Today's roundup of stimulus coverage:
USA Today reports that the "cash for clunkers" program is a concern for charities that rely on donated cars. The federal program offers rebates of up to $4,500 to those who trade older, though still-running, cars for newer models. Demand for the program was greater than the federal government anticipated, and Congress voted last week to provide an additional $2 billion in funding from the Recovery Act. According to USA Today, groups like the National Kidney Foundation, which gets about one-fifth of its revenue from selling donated cars, stand to lose out as people turn to the federal program to offload their old cars instead.
New York state is taking the slow road when it comes to spending its highway stimulus dollars. Newsday reports that the Empire State has started work on just $180 million worth of the $749 million committed to highway projects as of July 31. That puts New York among the slowest states nationwide, according to federal Department of Transportation data. Gov. David Paterson defended the way his administration has handled the money, saying the state needs to be careful to spend it properly.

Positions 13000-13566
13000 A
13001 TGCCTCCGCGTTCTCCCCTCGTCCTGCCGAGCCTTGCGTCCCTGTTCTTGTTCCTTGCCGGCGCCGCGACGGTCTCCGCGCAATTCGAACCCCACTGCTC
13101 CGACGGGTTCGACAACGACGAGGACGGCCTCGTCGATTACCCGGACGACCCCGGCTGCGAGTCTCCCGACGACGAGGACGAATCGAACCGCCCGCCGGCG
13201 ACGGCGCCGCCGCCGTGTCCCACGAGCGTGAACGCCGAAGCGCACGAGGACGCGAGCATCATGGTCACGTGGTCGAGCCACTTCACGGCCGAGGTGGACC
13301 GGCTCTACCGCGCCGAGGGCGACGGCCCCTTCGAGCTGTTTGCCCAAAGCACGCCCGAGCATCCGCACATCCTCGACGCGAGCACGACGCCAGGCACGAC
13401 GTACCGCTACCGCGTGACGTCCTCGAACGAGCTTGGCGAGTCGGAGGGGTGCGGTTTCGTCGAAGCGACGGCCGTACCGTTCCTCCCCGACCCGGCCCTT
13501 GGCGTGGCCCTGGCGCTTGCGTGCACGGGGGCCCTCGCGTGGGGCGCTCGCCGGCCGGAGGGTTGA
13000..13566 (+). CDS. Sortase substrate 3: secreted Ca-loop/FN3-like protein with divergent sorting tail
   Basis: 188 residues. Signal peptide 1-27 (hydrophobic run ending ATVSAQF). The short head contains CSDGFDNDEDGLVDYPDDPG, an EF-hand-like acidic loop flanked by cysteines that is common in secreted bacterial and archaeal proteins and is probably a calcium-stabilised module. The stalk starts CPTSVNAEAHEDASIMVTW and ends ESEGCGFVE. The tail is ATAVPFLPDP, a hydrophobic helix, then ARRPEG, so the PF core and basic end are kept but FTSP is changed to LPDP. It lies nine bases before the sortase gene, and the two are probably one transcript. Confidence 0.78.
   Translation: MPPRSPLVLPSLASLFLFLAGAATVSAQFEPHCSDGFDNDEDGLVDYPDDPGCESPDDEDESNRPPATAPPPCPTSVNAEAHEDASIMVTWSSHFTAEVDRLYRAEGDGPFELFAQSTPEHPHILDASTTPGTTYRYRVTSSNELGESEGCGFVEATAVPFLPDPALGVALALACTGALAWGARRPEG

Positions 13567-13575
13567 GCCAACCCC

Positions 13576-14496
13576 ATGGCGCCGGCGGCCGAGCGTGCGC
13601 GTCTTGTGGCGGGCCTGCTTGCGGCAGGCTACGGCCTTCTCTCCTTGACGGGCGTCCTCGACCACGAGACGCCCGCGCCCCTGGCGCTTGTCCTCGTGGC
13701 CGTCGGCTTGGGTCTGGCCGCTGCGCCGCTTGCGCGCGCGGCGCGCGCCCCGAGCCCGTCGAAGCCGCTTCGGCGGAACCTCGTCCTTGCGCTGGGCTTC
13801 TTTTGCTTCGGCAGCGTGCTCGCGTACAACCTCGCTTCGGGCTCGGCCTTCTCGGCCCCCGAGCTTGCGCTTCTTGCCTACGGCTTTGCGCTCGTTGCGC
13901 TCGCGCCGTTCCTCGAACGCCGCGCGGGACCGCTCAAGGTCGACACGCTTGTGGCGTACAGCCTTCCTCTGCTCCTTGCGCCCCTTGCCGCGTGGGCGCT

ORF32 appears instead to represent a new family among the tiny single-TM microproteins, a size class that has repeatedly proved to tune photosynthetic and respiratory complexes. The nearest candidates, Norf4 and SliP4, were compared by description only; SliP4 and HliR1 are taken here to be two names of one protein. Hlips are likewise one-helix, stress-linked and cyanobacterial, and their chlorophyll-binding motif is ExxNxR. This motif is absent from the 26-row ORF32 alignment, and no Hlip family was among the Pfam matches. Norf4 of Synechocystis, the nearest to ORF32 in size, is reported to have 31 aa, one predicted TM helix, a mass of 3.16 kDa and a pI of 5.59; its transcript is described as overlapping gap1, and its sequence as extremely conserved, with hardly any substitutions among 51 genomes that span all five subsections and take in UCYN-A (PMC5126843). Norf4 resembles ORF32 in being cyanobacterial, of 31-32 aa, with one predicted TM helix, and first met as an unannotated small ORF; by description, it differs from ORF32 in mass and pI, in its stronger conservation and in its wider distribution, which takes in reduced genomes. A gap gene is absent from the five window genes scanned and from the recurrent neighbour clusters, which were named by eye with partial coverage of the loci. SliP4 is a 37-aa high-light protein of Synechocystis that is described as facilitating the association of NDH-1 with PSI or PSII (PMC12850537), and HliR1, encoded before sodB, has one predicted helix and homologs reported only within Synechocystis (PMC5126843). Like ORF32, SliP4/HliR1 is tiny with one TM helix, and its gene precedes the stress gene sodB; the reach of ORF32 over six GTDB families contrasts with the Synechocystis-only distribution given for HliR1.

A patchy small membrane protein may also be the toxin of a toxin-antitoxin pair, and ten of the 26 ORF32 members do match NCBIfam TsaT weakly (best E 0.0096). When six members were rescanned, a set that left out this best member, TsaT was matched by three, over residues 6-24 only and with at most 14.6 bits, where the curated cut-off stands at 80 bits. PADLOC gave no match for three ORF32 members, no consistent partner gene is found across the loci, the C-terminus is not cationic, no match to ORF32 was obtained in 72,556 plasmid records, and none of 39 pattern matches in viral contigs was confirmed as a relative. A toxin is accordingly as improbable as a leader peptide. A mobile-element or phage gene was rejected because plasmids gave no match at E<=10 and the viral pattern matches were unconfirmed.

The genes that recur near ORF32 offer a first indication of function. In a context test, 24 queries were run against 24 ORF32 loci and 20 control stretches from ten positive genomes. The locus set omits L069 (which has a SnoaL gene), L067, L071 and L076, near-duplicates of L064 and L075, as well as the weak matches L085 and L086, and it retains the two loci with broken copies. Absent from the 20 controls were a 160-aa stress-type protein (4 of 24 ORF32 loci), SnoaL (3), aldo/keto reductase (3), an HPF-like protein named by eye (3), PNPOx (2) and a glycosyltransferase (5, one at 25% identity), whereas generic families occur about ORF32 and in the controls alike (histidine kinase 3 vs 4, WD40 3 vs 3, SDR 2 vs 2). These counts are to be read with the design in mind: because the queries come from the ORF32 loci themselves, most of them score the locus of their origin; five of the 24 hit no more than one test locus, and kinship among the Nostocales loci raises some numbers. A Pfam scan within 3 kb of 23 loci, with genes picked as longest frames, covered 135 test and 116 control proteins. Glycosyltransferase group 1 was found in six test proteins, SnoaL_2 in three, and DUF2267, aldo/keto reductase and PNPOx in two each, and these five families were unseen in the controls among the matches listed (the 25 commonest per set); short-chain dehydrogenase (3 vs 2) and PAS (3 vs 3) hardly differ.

The Senate Republican leader said there's no need to keep spending on the stimulus. Speaking on "Fox News Sunday," Sen. Mitch McConnell of Kentucky said that rather than continue with the stimulus, it's time to start paying down the federal debt instead. McConnell responded to last week's news that the unemployment rate had fallen by crediting "the resilience and productivity of the American worker," rather than what he called "the trillion-dollar stimulus bill."
Alaskan lawmakers are set to vote today on overriding former Gov. Sarah Palin's veto of stimulus money for energy cost relief — and Palin's not keeping quiet about it. "As Governor, I did my utmost to warn our legislators that accepting stimulus funds will further tie Alaska to the federal government and chip away at Alaska's right to chart its own course," Palin wrote on her Facebook page. "Legislators don't need to play politics as usual and accept these funds and the ropes that come with them."
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